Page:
In Part I we looked at the disadvantages of having employees leverage readily available “productivity” apps from their device marketplaces. This coupled with the app’s isolated stores of data will end up costing organizations time and money. As an organization you can deter this by proactively developing a plan for mobility, communicating that with the organization, and then putting it into action.
Developing a plan can sometimes be a stumbling block to beginning. I have put together this 5 W’s outline to help you with your planning. The 5 W’s is just Who, What, When, Where, and Why. The 5 W’s are questions in each of those areas that touch upon critical points that need to be decided. Use this as your starting point to understand how a mobile workforce will benefit your organization.
We’ll start at the end with the WHY for it is of utmost importance to understand where you are going before you think about how to get there.
Why, as a business, is mobile important for us? Where does mobile make sense – what aspects of our business are well suited for mobility? Are we trying to deliver better service, create additional revenue opportunities, allow for extended data access, offer convenience for employees, or give customers insight? What is the end goal we trying to accomplish as a business though a mobile platform? Make sure you have a reason in mind. There is nothing worse than having technology for technology sake.
Who do we intend will be using a mobile offering – employees, customers, potential customers, contractors? Will it be everyone in these groups or just a subset, for example just full-time employees? Do we need to be concerned about who is accessing data (think HIPPA, Credit Card, PII data)? Who can see what data? How do we assure the right people are working with the right thing?
What data or processes do we plan on accessing through the mobile platform? How do we plan on identifying apps that can meet these requirements? What mobile platforms do we need/want to support? What is our process for evaluating these apps? How will the apps we use integrate with our current and future processes? Am I able to export/accesses data at a later date if I change applications? What is the backup model for the app? Who owns the data? What is the Total Cost of Ownership?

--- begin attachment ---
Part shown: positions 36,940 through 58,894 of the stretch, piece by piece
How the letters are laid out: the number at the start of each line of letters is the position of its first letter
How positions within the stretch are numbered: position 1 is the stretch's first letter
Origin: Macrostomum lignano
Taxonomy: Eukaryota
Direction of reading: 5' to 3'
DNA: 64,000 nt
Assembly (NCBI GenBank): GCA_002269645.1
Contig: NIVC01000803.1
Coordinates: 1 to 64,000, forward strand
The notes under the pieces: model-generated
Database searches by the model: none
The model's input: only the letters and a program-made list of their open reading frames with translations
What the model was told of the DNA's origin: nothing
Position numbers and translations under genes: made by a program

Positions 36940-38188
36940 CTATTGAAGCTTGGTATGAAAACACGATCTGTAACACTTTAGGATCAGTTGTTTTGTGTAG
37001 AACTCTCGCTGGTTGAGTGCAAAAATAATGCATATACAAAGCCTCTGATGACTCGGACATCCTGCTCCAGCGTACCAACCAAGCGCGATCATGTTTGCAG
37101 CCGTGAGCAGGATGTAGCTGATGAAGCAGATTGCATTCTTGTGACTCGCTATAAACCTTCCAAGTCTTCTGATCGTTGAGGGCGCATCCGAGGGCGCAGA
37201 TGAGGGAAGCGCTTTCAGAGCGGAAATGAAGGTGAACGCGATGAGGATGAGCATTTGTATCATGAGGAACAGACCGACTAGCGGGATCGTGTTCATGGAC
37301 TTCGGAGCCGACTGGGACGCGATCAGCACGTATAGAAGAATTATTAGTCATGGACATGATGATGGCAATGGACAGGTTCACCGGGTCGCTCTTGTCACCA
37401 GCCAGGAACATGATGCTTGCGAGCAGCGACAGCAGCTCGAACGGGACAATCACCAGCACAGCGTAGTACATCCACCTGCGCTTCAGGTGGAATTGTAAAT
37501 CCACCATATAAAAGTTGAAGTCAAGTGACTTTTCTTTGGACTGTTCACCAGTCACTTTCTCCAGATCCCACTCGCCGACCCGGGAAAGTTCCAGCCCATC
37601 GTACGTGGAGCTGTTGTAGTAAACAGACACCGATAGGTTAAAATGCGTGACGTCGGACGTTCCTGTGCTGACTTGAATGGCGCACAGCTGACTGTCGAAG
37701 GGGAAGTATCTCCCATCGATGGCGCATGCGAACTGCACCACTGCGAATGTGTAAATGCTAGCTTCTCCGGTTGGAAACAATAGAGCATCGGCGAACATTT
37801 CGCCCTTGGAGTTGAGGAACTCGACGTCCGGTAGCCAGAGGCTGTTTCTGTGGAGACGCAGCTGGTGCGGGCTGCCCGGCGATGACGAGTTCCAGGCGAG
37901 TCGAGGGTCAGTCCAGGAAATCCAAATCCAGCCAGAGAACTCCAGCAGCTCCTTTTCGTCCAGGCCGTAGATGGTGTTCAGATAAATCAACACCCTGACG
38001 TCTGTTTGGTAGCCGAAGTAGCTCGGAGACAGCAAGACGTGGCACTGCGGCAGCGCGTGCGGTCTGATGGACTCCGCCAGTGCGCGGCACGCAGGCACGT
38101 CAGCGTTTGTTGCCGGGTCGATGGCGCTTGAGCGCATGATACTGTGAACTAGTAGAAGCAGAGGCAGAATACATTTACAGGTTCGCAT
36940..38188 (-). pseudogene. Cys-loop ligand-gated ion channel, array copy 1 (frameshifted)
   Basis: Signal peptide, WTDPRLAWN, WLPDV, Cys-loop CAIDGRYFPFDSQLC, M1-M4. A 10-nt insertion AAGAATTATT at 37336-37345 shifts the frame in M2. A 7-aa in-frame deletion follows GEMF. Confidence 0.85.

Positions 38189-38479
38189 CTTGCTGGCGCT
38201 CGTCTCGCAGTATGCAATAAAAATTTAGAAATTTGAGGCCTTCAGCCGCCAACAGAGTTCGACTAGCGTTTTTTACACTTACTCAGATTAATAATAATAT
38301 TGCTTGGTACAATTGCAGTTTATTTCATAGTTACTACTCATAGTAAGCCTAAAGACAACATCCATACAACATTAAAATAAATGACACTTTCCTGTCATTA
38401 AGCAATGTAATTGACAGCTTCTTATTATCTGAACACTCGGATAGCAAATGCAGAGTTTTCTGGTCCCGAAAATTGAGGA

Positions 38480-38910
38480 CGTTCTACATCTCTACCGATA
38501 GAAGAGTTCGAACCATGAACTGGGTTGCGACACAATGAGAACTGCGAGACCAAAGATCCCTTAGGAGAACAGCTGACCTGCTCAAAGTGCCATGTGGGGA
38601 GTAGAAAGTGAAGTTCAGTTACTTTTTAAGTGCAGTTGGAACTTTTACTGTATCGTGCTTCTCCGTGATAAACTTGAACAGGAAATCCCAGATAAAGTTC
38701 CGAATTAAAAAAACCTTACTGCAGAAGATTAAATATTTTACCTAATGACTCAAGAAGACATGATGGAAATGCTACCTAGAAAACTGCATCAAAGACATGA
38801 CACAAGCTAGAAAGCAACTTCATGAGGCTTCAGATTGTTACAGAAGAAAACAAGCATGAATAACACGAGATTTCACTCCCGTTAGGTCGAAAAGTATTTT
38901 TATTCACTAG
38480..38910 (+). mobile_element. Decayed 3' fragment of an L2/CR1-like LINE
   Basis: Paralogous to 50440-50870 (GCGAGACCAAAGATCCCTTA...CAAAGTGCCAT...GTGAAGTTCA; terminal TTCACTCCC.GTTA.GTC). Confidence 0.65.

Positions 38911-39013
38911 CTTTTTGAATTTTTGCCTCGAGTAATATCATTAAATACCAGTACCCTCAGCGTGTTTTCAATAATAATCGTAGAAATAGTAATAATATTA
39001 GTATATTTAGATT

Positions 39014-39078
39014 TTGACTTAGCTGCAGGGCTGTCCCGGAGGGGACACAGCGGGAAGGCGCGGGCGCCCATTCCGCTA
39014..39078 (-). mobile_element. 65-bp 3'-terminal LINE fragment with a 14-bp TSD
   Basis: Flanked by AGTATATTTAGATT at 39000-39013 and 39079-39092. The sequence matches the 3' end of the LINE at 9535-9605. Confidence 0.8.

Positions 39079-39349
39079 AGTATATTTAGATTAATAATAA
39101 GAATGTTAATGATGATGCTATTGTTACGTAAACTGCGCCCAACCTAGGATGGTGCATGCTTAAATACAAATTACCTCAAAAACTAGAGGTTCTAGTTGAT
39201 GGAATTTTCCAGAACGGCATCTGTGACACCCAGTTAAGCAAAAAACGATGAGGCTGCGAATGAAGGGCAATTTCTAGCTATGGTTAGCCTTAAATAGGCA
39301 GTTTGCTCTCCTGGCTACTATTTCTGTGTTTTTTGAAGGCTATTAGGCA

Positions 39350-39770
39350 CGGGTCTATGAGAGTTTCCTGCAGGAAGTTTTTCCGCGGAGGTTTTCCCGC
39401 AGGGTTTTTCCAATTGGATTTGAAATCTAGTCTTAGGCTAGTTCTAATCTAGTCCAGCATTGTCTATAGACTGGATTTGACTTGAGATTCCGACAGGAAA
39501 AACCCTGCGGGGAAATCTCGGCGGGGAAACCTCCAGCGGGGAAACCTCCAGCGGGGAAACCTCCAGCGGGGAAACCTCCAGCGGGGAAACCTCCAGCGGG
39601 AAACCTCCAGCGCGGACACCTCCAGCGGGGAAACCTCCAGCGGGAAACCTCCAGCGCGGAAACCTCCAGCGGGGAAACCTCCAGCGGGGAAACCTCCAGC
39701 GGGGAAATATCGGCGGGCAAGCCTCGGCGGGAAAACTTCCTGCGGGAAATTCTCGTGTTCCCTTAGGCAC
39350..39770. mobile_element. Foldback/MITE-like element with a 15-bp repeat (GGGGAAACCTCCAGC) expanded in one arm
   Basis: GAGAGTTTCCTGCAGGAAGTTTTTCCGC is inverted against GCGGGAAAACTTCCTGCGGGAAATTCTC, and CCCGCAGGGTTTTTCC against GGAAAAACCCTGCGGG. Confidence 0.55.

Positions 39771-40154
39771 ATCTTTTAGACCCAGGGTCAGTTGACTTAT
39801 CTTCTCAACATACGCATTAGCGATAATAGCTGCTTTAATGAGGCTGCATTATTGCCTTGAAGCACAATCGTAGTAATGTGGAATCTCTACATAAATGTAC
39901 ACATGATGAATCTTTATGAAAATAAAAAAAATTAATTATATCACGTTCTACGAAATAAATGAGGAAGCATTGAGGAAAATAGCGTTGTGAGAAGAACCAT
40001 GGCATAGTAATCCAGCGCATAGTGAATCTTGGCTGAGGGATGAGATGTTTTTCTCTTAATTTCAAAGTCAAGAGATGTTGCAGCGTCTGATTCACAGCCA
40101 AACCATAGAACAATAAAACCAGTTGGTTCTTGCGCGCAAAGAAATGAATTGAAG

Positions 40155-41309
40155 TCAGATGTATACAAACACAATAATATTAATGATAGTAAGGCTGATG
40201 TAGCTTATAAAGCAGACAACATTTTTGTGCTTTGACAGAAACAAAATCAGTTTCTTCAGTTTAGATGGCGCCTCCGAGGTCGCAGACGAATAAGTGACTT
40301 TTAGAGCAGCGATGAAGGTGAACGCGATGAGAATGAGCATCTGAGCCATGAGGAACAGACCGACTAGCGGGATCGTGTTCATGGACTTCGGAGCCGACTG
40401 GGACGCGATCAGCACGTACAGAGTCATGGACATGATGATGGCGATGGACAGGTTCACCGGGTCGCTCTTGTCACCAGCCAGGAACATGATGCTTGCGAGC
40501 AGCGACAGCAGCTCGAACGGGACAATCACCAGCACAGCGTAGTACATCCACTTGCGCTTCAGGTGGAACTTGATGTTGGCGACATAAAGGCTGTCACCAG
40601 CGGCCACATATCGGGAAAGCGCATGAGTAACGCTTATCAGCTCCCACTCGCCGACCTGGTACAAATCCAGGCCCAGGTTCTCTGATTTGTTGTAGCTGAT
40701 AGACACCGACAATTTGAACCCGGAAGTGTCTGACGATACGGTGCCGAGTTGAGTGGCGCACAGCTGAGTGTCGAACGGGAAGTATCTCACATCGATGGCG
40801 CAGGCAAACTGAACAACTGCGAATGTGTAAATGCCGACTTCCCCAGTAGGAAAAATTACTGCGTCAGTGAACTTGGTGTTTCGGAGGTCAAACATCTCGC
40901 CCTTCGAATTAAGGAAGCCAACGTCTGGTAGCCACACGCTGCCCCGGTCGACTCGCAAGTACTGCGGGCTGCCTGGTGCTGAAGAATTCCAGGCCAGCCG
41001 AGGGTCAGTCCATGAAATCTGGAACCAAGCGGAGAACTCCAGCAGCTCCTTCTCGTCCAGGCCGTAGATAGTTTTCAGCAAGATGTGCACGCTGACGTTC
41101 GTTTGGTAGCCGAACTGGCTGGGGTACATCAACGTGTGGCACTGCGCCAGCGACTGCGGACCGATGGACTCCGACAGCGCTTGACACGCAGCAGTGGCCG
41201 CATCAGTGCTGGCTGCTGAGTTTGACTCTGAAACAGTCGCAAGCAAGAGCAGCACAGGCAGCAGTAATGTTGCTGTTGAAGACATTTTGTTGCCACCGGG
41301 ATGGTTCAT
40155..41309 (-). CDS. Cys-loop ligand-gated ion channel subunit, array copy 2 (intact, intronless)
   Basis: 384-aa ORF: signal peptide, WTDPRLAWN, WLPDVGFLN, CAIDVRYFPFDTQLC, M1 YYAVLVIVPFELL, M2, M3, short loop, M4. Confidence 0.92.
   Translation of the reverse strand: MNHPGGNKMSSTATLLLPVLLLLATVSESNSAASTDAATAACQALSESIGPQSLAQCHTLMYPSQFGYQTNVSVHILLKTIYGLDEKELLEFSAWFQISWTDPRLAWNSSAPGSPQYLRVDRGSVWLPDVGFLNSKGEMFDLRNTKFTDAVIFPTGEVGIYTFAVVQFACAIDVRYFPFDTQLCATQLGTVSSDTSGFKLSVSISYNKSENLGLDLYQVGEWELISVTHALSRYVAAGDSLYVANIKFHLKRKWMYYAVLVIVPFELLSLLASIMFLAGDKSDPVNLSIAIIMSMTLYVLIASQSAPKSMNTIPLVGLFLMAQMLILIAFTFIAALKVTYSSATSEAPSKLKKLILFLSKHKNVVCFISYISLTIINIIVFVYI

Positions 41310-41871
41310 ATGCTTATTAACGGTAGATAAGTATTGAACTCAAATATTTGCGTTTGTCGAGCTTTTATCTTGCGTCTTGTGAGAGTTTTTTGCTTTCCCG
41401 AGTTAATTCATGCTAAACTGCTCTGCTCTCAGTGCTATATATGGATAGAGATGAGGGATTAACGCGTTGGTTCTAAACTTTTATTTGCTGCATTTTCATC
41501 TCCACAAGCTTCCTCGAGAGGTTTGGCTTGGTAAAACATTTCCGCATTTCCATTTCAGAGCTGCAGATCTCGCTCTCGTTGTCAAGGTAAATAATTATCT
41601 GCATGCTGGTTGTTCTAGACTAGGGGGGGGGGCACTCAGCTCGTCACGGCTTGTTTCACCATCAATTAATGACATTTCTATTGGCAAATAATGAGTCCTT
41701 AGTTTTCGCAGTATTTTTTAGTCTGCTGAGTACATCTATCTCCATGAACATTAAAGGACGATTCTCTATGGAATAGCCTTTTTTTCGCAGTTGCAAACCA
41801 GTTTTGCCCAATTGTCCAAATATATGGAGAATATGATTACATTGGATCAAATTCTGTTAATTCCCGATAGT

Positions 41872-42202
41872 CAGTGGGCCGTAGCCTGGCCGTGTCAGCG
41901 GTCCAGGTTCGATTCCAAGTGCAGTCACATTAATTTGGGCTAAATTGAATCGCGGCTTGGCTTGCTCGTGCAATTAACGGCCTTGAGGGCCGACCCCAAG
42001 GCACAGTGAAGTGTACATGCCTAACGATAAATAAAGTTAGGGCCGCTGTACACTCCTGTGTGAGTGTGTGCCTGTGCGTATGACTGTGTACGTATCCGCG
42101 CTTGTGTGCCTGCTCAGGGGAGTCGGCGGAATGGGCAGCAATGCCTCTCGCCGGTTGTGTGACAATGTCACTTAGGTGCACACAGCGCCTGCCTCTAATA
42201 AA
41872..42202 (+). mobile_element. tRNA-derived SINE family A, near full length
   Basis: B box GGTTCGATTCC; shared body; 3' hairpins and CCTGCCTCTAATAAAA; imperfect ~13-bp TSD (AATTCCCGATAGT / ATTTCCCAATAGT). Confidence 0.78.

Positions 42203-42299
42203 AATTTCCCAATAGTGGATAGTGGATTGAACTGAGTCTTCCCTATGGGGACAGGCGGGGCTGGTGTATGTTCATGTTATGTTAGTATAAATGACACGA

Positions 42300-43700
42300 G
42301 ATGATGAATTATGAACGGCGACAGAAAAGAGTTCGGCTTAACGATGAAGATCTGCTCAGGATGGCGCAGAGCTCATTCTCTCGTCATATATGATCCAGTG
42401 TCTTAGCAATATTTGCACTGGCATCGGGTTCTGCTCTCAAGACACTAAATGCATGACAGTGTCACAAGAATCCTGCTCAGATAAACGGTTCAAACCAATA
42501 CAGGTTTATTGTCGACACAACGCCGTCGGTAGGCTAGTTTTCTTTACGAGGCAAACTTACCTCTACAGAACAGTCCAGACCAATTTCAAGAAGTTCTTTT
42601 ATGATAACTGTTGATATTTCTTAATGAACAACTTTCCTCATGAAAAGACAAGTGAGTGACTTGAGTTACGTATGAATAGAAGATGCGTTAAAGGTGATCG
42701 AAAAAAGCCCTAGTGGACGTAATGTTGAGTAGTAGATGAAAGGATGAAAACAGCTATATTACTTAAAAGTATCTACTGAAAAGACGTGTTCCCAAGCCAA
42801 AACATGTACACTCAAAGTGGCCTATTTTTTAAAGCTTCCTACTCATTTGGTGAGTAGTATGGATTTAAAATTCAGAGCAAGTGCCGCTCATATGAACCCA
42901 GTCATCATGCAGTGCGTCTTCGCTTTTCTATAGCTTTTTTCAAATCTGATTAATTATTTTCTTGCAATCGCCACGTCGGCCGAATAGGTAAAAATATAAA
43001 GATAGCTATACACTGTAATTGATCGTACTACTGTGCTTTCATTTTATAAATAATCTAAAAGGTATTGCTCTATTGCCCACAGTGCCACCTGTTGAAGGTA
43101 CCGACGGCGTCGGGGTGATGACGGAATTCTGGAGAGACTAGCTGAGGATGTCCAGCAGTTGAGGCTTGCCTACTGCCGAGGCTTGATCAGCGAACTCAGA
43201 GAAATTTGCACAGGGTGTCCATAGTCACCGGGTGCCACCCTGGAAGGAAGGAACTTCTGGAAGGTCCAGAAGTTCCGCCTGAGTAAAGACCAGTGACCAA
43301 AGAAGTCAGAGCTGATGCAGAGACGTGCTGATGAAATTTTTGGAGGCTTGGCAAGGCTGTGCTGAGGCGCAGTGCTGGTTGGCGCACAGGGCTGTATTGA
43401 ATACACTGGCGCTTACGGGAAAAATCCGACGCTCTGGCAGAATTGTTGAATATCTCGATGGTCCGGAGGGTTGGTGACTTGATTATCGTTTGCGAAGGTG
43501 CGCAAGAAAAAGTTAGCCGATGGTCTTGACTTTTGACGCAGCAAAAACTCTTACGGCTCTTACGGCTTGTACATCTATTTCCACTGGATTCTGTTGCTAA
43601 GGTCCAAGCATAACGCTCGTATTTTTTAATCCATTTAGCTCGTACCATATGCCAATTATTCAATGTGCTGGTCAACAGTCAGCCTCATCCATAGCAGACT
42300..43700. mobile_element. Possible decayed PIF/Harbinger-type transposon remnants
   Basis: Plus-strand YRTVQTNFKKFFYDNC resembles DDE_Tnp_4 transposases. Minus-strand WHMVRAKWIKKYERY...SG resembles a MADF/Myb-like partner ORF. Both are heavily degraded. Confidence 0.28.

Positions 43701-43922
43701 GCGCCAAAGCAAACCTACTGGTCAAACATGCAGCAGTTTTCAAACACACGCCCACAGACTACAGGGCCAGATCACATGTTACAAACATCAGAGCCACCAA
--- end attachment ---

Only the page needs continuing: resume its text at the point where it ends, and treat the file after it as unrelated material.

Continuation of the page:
When do we anticipate users would be accessing the data or functionality? Does it need to be available 24/7? Does any data we intend to distribute need to be real-time? What is the Service Level Agreement and uptime requirements for our mobility strategy? Do we need to offer user support during business and/or off hours? If a defect is discovered how timely can it be resolved? Are there any restrictions as to when the system will be offline?
Where are users planning on accesses the data and processes from? Is it on a limited basis or all the time? Do we have a globally distributed team who needs to collaborate or individuals accessing from client sites? Will users have access to just handheld devices where they are? Does the apps we are looking at work well in that small form factor? Are the users remote all of the time and intend on a mobile device being their primary access?
Creating the mobility plan is the first step. Now get the word out! Communicate it frequently with your entire group of users. Collect their feedback and make adjustments to your plan. Mobility is a rapidly evolving space and you’ll need to adjust as well. Create a process to evolve as technology and opportunity allows. This will shut the door to random one-off pieces of functionally that will cause problems down the road.
In order to be successful you also need to measure. Establish criteria for success. Do you know how you are going to measure success? What are the metrics you are going to measure? Is it based on customer satisfaction, revenue, employee access? How are you going to collect these metrics? How often are you going to evaluate the plan and its metrics to make necessary adjustments?
There are now more mobile device connections in the United States than there are people. As the growth of capable devices expands it is inevitable that employees and clients alike will expect some level of interaction with your products or services. Employees and employers are increasingly embracing BYOD (Bring Your Own Device) and there is danger for organizations that don’t have a cohesive strategy in place to have mobility evolve uncontrolled with challenging and costly results.
Next I will discuss how to put this plan into action through, MDM, Mobile Device Management.